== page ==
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What causes kidney stones in the first place?

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  • Kidney stones form when your urine has high amounts of calcium, oxalates or uric acid, while having little quantities of substances that can dilute them
  • Kidney stones are common among people who don’t drink enough amounts of water Drinking soda, which contain high amounts of sugar, can raise your kidney stone risk by 23%

There are two main reasons why kidney stones form: the presence of high amounts of substances like calcium, oxalate or uric acid in your urine, and a lack of fluids that will dilute them.1

How do you get kidney stones?

Several risk factors also come into play in the formation of kidney stones. If you’re prone to any of these issues that may cause painful kidney stones to develop, exercise caution and talk to your doctor:

  • Not drinking enough water — Kidney stones are common among people who fail to drink enough water, since it greatly helps dilute stone-forming substances.2
  • Drinking fluoridated water According to authors of this 2001 article, kidney stones were 4.6 times more likely to develop in people who lived in a “fluoride-endemic area.”3
  • High-sugar diet Consuming high amounts of sugar, particularly high-fructose corn syrup, may predispose you to kidney stones because it increases your levels of uric acid and urine oxalate,4 known substances that may cause stones to form.
  • Excessive soda consumption — Drinking sugar-loaded soda frequently was proven to increase kidney stone risk by 23%.5
  • Eating non-fermented soy products — These foods are abundant with oxalates.6 If your urine’s oxalate levels significantly rise, this can cause calcium oxalate stones to form.7
  • Obesity — This 2018 article highlighted that obese people tend to develop uric acid and calcium oxalate kidney stones because of issues like their diet, insulin resistance and lithogenic urinary profiles.8
  • Overeating — Research from 2013 showed that women who consumed more than 2,200 calories daily had a 42% higher risk for kidney stones.9
  • Not consuming enough of the right kind of calcium-rich foods — Calcium may aid in inhibiting stone-causing substances in your digestive tract,10 so if your body doesn’t have enough of the right kind of calcium, it may increase your chances of developing this condition. Check with your doctor to see if you need to increase your consumption of low-oxalate foods that are high in calcium.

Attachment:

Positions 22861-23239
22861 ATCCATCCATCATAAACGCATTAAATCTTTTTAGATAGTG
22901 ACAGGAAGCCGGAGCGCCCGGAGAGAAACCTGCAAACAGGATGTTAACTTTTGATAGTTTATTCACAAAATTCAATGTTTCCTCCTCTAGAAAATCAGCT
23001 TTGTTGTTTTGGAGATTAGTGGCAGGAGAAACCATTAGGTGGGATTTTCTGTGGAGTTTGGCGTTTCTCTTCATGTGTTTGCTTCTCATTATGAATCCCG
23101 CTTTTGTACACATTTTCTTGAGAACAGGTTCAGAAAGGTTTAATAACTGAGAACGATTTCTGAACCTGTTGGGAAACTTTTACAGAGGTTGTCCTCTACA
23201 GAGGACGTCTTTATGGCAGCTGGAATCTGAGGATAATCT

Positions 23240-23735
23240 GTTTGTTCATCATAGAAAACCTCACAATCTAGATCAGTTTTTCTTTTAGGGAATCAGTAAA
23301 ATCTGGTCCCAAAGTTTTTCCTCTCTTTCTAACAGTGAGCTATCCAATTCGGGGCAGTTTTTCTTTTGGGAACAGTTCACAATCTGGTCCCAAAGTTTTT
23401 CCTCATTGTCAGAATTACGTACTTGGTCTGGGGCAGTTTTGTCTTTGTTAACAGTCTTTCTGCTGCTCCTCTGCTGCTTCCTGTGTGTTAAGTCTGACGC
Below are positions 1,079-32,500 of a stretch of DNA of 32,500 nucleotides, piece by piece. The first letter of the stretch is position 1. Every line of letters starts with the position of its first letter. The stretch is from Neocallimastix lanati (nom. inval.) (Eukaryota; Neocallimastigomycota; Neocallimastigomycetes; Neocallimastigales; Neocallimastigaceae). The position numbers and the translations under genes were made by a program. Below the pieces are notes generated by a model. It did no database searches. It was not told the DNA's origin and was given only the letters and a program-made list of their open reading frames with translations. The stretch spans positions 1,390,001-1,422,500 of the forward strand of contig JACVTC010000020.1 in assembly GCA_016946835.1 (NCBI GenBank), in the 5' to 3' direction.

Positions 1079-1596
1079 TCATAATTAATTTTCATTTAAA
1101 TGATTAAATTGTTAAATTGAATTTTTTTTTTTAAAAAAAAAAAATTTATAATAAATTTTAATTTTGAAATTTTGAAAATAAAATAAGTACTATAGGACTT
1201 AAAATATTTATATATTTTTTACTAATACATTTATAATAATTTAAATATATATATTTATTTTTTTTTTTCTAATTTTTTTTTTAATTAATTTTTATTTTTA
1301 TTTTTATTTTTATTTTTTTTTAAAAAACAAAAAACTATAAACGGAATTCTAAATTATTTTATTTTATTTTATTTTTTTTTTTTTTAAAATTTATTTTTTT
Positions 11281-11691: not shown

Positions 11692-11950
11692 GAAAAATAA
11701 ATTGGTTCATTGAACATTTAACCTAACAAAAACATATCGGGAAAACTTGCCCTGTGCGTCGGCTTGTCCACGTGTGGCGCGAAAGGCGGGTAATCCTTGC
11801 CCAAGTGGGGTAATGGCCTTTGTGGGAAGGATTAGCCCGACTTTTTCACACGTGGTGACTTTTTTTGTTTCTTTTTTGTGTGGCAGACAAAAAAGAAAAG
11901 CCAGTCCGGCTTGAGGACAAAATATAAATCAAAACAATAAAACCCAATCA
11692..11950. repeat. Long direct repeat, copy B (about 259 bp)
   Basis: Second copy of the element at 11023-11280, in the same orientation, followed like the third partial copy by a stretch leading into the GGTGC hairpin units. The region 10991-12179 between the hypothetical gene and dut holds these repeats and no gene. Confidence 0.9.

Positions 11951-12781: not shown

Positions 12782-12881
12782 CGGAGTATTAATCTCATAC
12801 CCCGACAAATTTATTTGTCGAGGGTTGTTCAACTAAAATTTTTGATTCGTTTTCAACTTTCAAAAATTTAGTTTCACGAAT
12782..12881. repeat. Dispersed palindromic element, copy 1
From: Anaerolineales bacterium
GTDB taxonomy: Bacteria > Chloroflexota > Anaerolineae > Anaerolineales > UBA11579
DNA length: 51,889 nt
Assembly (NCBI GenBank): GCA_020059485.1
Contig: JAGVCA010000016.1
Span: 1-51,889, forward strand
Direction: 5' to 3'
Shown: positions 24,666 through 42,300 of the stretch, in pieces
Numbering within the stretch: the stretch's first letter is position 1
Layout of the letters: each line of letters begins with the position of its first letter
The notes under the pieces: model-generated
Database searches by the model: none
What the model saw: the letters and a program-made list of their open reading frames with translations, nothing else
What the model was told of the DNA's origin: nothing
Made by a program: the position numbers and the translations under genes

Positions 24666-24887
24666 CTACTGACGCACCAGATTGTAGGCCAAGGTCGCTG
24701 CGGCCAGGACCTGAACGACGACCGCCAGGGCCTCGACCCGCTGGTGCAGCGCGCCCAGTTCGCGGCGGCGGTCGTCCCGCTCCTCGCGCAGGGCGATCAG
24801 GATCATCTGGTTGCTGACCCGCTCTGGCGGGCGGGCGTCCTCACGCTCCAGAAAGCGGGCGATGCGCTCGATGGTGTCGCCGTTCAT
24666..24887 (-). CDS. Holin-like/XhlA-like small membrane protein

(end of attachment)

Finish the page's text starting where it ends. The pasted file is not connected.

• Genetics — Japanese researchers found “14 significant loci, including nine novel loci” that may play a role in your kidney stone risk.11 Loci (plural of locus) refer to spots in the chromosome where certain genes for traits can be found.12
  • Conditions that affect your gut — If you’re diagnosed with inflammatory bowel diseases like Crohn’s disease and ulcerative colitis, they could make you more prone to developing kidney stones. WebMD explains that these bowel-related issues can trigger diarrhea and reduce urine production. This causes your body to absorb oxalates from the intestine that then find their way into your urine and result in kidney stone formation.13
  • Magnesium deficiency You may be more prone to developing kidney stones if you don’t consume enough magnesium-rich foods.14 This mineral binds with oxalates that you consume so they aren’t absorbed in your body, leading to a lower risk for oxalate kidney stones.15 Magnesium also helps with the body’s absorption16 and transport of calcium.17 This is important because if you’re magnesium-deficient but have high calcium levels, your risk for kidney stones may rise.18
  • Type 2 diabetes19 Results of this 2015 study highlighted that uric acid kidney stones may develop in people with Type 2 diabetes.20
  • Gout — If you’re diagnosed with gout, there’s a high chance that uric acid buildup can occur in your blood, and lead to the appearance of joint crystals and kidney stones.
  • Renal tubular acidosis (RTA)21 Having this condition means your kidneys are unable to release acids into your urine, causing your blood to become too acidic. Over time, this may cause kidney stone formation.22
  • Lack of exercise — People who are always sedentary may have a higher chance of developing kidney stones.23
  • Taking certain medications — According to authors of this 2003 study, magnesium trisilicate, ciprofloxacin, sulfa medications, triamterene, indinavir and ephedrine (whether used alone or taken alongside guaifenesin) were all proven to increase your kidney stone risk.24


Kidney Stones: Introduction

What Are Kidney Stones?

Kidney Stones Types

Kidney Stones Causes

Kidney Stones Symptoms

Kidney Stones Prevention

Kidney Stones Duration

Kidney Stones Treatment

Kidney Stones Surgery

Kidney Stones Diet

Kidney Stones FAQ

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Kidney Stones Symptoms

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